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Fender Strat Body Crack at Trem Stud

6/2008

1.0 Fender Stratocaster cracked body at trem stud.JPG 1.1 Fender Stratocaster cracked body at trem stud.JPG
1. A Body Crack in a solid-body electric guitar is not a common problem. This strat developed a body crack at the bridge. 2. A Closer Look shows the effects of years of string tension and whammy bar dive-bombs at this vulnerable part of the guitar. To repair this, I’ll cut away the damaged alder and patch in a custom fit plug.
1.2 Fender Stratocaster cracked body at trem stud.JPG 1.3 Fender Stratocaster cracked body at trem stud.JPG
3. Removing the Damage starts with a hole saw on the shop’s drill press. The pilot bit of the hole saw follows the stud hole. I’ll stop cutting after I get about 1/4″ beneath the surface of the top. 4. Cleaning Out the Waste with a razor sharp chisel and a mallet.
1.4 Fender Stratocaster cracked body at trem stud.JPG 1.5 Fender Stratocaster cracked body at trem stud.JPG
5. Ready for a Forstner. My drill bit of choice for this job is a forstner bit. These bits cut really clean and leave a flat-bottomed hole. The only problem is they could be thrown off and damage the surrounding finish since the hole for the stud would interfere with the bit’s piloting tip. Drilling 1/4″ down with a hole saw will prevent the forstner from wandering. 6. Removing the Damaged Wood Cont.  This forstner bit chucked into the drill press is doing a fine job of cutting a clean, flat-bottomed hole.
1.6 Fender Stratocaster cracked body at trem stud.JPG 1.7 Fender Stratocaster cracked body at trem stud.JPG
7. Preparing the AlderPlug Blank starts with a jointer plane to ensure flatness. Next, I’ll drill a very shallow hole in the plug blank with the same forstner bit I used on the body. Then I’ll bandsaw just outside of the forstner cut line. 8. Shapping the Plug on the disc sander is pretty quick. I’m sanding the plug down about 1/16″ outside the forstner layout line I drilled into the top of the plug. The bed of the disc sander is andgled to 3 degrees which is giving the plug a taper.
1.8 Fender Stratocaster cracked body at trem stud.JPG 1.9 Fender Stratocaster cracked body at trem stud.JPG
9. Test Fitting the Plug. Since my plug is actually a cone, not a cylinder, the plug seats firmly part way down. I’m marking the plug where it contacts the top of the hole. 10. Final Shaping of the Plug is done with the bed of the disc sander set to 0 (90 degrees to the sanding disc). I’ll carefully turn the plug against the disc until my pencil line just starts to evenly disappear. This way I know that I’ll have a good, tight fit for my glue joint.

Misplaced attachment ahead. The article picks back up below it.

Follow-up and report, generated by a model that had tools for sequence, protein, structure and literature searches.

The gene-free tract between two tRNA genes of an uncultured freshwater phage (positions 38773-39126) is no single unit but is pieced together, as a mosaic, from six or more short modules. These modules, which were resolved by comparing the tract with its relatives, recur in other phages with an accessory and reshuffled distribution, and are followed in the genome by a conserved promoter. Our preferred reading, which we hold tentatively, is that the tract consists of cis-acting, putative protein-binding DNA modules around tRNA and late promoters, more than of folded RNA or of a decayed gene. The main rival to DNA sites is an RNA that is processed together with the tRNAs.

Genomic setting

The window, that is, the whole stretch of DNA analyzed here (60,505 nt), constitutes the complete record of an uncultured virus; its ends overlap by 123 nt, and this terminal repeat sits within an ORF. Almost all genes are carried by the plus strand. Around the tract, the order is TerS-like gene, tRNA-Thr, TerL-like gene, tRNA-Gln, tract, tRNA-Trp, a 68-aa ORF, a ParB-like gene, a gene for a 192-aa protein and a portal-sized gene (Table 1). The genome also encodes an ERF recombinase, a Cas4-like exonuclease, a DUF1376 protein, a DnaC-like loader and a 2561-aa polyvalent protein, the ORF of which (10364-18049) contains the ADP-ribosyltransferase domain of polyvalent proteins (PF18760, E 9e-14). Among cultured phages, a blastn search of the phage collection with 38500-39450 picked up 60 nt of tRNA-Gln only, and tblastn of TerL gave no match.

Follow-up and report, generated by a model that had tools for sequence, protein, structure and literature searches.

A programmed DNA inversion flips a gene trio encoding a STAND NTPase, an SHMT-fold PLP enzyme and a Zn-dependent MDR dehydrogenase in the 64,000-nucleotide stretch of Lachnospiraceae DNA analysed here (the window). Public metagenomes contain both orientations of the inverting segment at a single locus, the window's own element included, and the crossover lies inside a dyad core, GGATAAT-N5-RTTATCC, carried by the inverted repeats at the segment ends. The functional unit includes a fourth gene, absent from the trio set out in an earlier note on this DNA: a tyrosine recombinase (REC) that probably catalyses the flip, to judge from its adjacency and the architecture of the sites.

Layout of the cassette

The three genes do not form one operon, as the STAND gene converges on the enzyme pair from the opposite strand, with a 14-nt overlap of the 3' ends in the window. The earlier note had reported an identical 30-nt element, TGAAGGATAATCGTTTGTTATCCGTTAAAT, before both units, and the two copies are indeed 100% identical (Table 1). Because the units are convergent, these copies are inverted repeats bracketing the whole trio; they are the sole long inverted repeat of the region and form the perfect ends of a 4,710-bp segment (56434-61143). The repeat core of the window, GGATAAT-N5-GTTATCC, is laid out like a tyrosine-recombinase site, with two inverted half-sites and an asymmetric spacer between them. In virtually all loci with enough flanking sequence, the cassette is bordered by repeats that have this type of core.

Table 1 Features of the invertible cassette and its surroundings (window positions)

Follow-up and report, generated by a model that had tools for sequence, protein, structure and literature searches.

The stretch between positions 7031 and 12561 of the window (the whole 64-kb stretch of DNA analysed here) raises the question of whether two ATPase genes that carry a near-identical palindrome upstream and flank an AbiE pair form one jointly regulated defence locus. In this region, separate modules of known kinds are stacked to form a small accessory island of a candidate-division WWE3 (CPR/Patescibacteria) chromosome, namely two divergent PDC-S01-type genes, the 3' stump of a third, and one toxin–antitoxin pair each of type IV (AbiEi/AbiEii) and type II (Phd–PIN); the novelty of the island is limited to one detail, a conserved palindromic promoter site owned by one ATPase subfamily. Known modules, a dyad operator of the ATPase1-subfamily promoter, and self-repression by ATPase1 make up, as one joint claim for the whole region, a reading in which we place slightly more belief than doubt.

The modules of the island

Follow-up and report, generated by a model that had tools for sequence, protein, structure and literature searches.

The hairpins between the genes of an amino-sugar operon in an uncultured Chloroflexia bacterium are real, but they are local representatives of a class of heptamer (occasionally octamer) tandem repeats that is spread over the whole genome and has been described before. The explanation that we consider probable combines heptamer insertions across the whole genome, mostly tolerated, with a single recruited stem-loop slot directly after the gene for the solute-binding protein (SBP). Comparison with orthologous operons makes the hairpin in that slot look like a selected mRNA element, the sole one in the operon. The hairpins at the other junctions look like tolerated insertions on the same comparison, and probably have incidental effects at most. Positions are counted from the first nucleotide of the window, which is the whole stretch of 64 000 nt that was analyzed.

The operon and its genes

2.0 Fender Stratocaster cracked body at trem stud.JPG 2.1 Fender Stratocaster cracked body at trem stud.JPG
11. Gluing the Plug with hot hide glue will give me a very strong glue joint with easy water clean up. I’ll leave the plug clamped for 24 hours. 12. Removing the Excess Plug is done in 2 phases. The first is with the forstner bit.
2.2 Fender Stratocaster cracked body at trem stud.JPG 2.3 Fender Stratocaster cracked body at trem stud.JPG
13. Removing the Excess Plug Cont.  A razor sharp chisel gets rid of the waste to about 1/32″ shy of the guitar top. 14. Trimming the Plug Flush with a smoothing plane.
2.4 Fender Stratocaster cracked body at trem stud.JPG 2.5 Fender Stratocaster cracked body at trem stud.JPG
15. More Chisel Work removes the excess plug in the electronics and trem cavities. 16. The Trimmed Plug. Next I’ll drill out the plug for the trem stud. At this point I would do finish work if that’s what the customer wanted. To save some time and money, this guitar’s owner opted for a simple seal coat of shellac with no attempt to hide the repair with a polyurethane finish touchup.
2.6 Fender Stratocaster cracked body at trem stud.JPG 2.7 Fender Stratocaster cracked body at trem stud.JPG
17. The Repair is Visually Subtle since most of the plug is covered by the bridge and the pickguard. 18. A Strong Repair This fix should last as long as this guitar is in service.